Monday, March 24, 2014

Maggie's is Getting Old

Thursdays we go to Maggie's. Fridays we go to Maggie's. Saturdays we go to Maggie's. What's wrong with that picture? It's not that I don't like Maggie's (most of the time I do), but sometimes I'd rather not wait in line for an hour to get pushed around, spilled and sweat on. The bottom line is that every once in a while, I crave something more exciting than a neighborhood bar and grill, and I know that I'm not alone.

It's clear that Emory's social scene is evolving. Fraternity row certainly isn't what it was 30 years ago--my parents reminisce of times when kegs lined the street on Saturday nights, and Greek life was a real community. These days, you're more likely to see two guys in a fist fight on Eagle Row than making a new friend.

Of course, the slow deterioration of Greek life at Emory only accounts for a small portion of the struggling social structure. Emory boasts diversity amongst its students, but rarely is a party truly diverse. It baffles me that there are 6500 students at this school and I see the same 200 every Saturday night. Where is everyone else?

When I want a change of pace, I go to the gym. Pick-up basketball is one of the few places outside of class that I've managed to meet new people. As long as I don't jack up too many 3's, I do a pretty good job of making friends. Still, even the basketball court falls victim to Emory's heterogeneous culture. There is a group of international students that refuses to play with anyone else (trust me, I've asked many times). These guys love playing the same sport that I do, but won't share the court because I don't speak their language.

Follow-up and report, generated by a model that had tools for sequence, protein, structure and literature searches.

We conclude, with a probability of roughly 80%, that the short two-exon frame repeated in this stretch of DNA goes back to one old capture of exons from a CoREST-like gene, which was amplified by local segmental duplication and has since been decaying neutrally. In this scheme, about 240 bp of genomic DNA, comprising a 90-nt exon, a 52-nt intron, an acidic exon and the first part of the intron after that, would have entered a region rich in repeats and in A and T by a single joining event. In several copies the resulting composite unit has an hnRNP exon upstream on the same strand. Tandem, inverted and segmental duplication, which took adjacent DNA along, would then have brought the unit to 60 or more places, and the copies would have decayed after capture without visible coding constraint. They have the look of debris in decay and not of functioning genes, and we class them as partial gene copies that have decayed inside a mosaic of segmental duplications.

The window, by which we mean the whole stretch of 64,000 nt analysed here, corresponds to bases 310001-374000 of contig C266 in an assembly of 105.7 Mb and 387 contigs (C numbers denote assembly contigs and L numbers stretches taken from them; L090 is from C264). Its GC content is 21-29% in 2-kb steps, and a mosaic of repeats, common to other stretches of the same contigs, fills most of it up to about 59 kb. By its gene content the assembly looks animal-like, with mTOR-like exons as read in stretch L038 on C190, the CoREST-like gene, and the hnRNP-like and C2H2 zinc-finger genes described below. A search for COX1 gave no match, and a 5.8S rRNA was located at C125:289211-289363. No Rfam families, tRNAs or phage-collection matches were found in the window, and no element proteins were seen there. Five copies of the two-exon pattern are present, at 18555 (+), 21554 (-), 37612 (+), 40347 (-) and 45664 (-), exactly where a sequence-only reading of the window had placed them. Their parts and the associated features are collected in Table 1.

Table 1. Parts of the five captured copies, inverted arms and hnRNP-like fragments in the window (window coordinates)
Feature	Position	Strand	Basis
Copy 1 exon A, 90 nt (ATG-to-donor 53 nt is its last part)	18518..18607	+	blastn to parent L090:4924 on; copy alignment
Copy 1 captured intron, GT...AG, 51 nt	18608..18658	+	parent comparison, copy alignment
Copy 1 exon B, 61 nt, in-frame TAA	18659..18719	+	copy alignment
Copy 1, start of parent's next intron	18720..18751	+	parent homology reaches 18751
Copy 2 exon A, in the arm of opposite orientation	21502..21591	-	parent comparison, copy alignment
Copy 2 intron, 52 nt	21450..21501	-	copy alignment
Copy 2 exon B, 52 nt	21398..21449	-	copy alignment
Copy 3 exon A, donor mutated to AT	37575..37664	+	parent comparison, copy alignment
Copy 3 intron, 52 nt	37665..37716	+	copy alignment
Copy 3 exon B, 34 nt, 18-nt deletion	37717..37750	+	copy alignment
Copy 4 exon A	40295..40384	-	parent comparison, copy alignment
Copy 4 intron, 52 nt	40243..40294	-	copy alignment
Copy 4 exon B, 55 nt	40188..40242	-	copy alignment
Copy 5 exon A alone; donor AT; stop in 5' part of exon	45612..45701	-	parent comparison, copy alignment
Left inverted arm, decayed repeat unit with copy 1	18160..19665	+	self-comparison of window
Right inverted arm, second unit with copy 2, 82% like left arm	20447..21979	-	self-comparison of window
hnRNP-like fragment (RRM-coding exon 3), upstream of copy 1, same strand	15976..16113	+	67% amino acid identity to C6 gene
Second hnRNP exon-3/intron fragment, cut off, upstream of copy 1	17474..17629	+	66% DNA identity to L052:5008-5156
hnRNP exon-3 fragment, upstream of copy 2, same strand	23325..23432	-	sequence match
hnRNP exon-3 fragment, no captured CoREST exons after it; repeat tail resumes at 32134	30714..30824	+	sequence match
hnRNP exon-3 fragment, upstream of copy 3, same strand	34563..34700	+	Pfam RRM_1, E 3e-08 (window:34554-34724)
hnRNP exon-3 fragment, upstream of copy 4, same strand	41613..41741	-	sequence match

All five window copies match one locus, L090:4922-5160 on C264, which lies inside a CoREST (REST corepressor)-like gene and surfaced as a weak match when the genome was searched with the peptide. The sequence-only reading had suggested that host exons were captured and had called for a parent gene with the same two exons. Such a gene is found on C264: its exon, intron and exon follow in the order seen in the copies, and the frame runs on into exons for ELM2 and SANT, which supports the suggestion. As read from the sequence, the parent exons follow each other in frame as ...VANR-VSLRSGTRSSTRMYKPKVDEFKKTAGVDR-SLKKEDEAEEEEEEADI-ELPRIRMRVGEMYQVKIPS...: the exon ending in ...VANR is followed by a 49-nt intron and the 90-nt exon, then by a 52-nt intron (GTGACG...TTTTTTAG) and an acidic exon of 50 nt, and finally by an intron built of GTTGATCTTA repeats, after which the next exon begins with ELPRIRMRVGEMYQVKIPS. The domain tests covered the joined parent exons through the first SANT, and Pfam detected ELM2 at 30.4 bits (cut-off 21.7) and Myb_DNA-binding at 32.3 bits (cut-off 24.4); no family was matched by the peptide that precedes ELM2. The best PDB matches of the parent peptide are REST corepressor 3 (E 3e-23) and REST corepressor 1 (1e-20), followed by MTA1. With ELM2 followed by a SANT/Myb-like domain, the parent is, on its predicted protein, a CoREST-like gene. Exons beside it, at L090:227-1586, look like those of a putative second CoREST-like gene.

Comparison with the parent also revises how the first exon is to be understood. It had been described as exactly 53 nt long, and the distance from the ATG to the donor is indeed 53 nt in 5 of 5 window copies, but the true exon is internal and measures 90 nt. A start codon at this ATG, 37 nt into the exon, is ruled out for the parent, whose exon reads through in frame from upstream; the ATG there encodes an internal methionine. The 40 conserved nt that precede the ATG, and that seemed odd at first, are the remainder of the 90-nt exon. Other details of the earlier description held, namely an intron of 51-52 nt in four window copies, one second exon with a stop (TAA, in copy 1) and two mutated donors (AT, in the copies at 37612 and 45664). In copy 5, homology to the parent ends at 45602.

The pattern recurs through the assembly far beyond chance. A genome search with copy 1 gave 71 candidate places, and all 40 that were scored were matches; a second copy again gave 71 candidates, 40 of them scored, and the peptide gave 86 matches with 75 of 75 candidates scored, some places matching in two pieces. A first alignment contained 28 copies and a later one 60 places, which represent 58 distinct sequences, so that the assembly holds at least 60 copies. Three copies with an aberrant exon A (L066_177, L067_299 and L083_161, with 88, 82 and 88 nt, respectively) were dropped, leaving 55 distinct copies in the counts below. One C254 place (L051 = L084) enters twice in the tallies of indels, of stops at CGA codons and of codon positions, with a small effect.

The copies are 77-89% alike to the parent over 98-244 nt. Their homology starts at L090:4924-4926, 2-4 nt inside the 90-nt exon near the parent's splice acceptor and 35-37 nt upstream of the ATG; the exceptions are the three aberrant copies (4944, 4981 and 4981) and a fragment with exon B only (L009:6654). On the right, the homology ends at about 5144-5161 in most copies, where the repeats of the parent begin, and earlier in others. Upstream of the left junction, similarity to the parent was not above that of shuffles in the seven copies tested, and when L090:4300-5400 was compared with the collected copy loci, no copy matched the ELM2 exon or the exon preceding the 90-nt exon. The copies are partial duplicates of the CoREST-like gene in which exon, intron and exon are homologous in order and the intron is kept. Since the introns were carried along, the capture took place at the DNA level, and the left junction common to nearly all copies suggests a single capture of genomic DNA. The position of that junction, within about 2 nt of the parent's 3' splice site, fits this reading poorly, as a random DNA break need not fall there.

Obviously, I'm generalizing. In fact, I live with two international students, and I certainly don't hate every fraternity on the row. My point, however, is a very real one. Emory lacks community. There are thousands of students at this school that I've never spoken to for more than 30 seconds. I'm sure that most of those people like to have a good time.

The truth is, I exacerbate the problem by going to Maggie's every night. I yearn for community but I refuse to be seen on campus after dark. It's not easy to break out of routine. I'm not asking you to change your life, rather, I'm asking you to take a small step. Make a new friend when you're waiting in line at Cox for lunch. Ask that guy in your class what he's doing tonight. Go to a concert, or a movie, or a Braves game. It's always surprising to learn that there are kids just like you hiding on the other side of campus, waiting to be discovered. In the end, Maggie's isn't going anywhere, but people are. It's up to you to meet them, before it's too late.